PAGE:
Throw a dart at their schedule, and at any particular moment the Denver Nuggets could look like the worst team in basketball or a monumental success. They opened 1-4, won 10 of their next 12, then not long after dropped eight straight.
In the aggregate, Denver is more or less what people figured — a good-but-not-great team capable of making the playoffs, but certainly no lock to do so.
The bigger question for the Nuggets going forward is whether they made the right move in hiring Brian Shaw to replace George Karl after a 57-win season. Shaw’s authority was tested when veteran guard Andre Miller – never known as a people person even when happy, and having fallen out of Shaw’s rotationt – unloaded on his coach while sitting on the bench during Wednesday’s home loss to Philadelphia.
The Nuggets initially suspended Miller but then rescinded the suspension and put him on leave. Miller, says the team, will re-join the Nuggets on Monday and according to the Denver Post is – shocker – now on the trade block.
Important developments, but for Denver what matters more than Miller’s Mile High future is the way in which Shaw handled the problem. It represented an important test, something Shaw understood.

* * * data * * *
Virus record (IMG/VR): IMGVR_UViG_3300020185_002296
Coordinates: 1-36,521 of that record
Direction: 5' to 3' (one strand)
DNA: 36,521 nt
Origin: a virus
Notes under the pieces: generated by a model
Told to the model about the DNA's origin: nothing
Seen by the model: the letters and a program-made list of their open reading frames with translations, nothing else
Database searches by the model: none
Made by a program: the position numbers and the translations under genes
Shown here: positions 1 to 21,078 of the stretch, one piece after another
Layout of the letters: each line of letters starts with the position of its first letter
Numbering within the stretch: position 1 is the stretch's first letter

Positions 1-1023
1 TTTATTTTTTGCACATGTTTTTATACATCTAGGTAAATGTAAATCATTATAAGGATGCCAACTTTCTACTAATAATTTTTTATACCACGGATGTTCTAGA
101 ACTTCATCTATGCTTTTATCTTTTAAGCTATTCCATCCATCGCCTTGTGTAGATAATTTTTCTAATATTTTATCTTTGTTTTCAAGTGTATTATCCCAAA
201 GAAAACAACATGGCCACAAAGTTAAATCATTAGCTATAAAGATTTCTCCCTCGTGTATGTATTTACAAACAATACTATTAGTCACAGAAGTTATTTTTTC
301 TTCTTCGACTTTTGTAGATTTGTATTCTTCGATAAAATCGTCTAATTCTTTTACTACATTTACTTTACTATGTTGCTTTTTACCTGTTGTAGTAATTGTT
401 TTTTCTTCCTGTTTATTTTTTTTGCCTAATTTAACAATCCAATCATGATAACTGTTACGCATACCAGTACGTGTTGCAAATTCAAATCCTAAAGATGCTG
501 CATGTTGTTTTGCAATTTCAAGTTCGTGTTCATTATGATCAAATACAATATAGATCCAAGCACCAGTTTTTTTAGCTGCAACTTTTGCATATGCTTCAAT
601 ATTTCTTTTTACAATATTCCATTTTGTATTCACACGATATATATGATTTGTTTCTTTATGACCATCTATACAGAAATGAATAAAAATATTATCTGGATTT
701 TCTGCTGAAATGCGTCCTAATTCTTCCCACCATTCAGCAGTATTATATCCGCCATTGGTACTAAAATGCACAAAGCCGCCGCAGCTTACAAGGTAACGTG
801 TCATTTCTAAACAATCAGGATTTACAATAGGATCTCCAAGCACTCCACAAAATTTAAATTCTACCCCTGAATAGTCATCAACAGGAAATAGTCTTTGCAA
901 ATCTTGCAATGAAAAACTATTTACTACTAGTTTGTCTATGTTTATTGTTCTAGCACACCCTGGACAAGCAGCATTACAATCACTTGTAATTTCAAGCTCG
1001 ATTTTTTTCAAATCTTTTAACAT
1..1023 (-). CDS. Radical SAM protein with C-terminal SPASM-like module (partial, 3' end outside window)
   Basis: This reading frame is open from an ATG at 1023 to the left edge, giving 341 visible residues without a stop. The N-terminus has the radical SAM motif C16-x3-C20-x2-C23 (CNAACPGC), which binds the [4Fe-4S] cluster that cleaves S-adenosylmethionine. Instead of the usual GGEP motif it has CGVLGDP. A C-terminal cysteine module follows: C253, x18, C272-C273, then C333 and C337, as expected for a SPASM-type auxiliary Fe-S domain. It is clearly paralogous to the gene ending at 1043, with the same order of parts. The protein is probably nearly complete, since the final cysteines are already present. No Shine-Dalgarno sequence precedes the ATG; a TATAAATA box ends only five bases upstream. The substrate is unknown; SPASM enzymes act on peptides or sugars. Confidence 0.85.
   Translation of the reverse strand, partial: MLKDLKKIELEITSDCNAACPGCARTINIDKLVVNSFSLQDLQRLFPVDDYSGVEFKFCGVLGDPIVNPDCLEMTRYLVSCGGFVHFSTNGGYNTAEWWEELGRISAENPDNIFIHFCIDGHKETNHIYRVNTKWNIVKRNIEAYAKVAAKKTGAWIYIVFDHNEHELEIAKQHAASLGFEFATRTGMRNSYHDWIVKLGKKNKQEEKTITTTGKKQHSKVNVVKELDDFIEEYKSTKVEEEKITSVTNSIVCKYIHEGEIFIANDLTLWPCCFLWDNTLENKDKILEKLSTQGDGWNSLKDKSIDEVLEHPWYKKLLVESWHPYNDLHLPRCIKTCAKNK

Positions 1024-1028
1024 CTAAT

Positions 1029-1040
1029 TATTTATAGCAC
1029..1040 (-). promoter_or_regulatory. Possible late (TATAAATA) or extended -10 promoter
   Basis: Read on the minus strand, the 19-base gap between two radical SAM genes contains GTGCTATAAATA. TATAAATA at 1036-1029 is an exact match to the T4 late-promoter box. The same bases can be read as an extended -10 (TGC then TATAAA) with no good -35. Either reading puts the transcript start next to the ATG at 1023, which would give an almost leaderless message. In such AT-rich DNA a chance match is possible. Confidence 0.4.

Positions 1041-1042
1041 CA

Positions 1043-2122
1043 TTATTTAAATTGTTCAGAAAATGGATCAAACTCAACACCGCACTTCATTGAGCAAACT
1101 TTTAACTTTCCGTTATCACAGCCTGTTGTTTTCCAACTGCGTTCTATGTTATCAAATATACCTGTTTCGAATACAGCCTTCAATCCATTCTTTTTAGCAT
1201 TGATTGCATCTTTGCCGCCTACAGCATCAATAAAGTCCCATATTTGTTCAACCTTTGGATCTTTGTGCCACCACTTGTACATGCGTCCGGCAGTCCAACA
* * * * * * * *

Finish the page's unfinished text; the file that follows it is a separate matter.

“We dealt with it in the locker room after the game, and then the next day I just felt it was important, in lieu of practicing I sat down with my staff and each player on the team, and we probably took about three hours to get through everybody, and just talk about what happened and what we weren’t going to accept and what we weren’t going to tolerate,” he said.
Shaw viewed Miller’s outburst as a symptom of the losing.
“What I was trying to demonstrate to our team is that’s what happens with losing teams, you start to splinter off and go in different directions, point the fingers, and blame everybody else,” he said. “Phil (Jackson) used to burn sage when our team would go through (slumps), to try and get all the demons out.
“It wouldn’t go over if I tried to do something like that, but just talking it out, and airing things out for me was important to let everybody know that these kinds of things happen during the season and this is when you have to stay together, more than any other time.”
The next night, the Nuggets snapped their eight-game losing streak by beating Memphis.
“It seemed like everybody was kind of liberated, and more free in the way that they played,” Shaw said.
On Sunday, the Nuggets made it two straight wins, overwhelming the Lakers with 77 second-half points en route to a 137-115 victory. I’ll leave it to those who have watched each of Denver’s games to evaluate Shaw as a tactician. In reality, player management is the most challenging part of an NBA head coach’s job, and without question Shaw experienced more high tension BS in L.A. than he will ever see in Denver, something he alluded to Sunday night.
So in his first crisis, Shaw remained calm and addressed it head on. (As opposed to, say, demoting a high-priced assistant to scouting report duties.) Should the Nuggets keep a sense of momentum going forward, the week’s events could go a long way toward establishing Shaw, long-respected as a player and assistant, as a solid head man.
On to the rankings.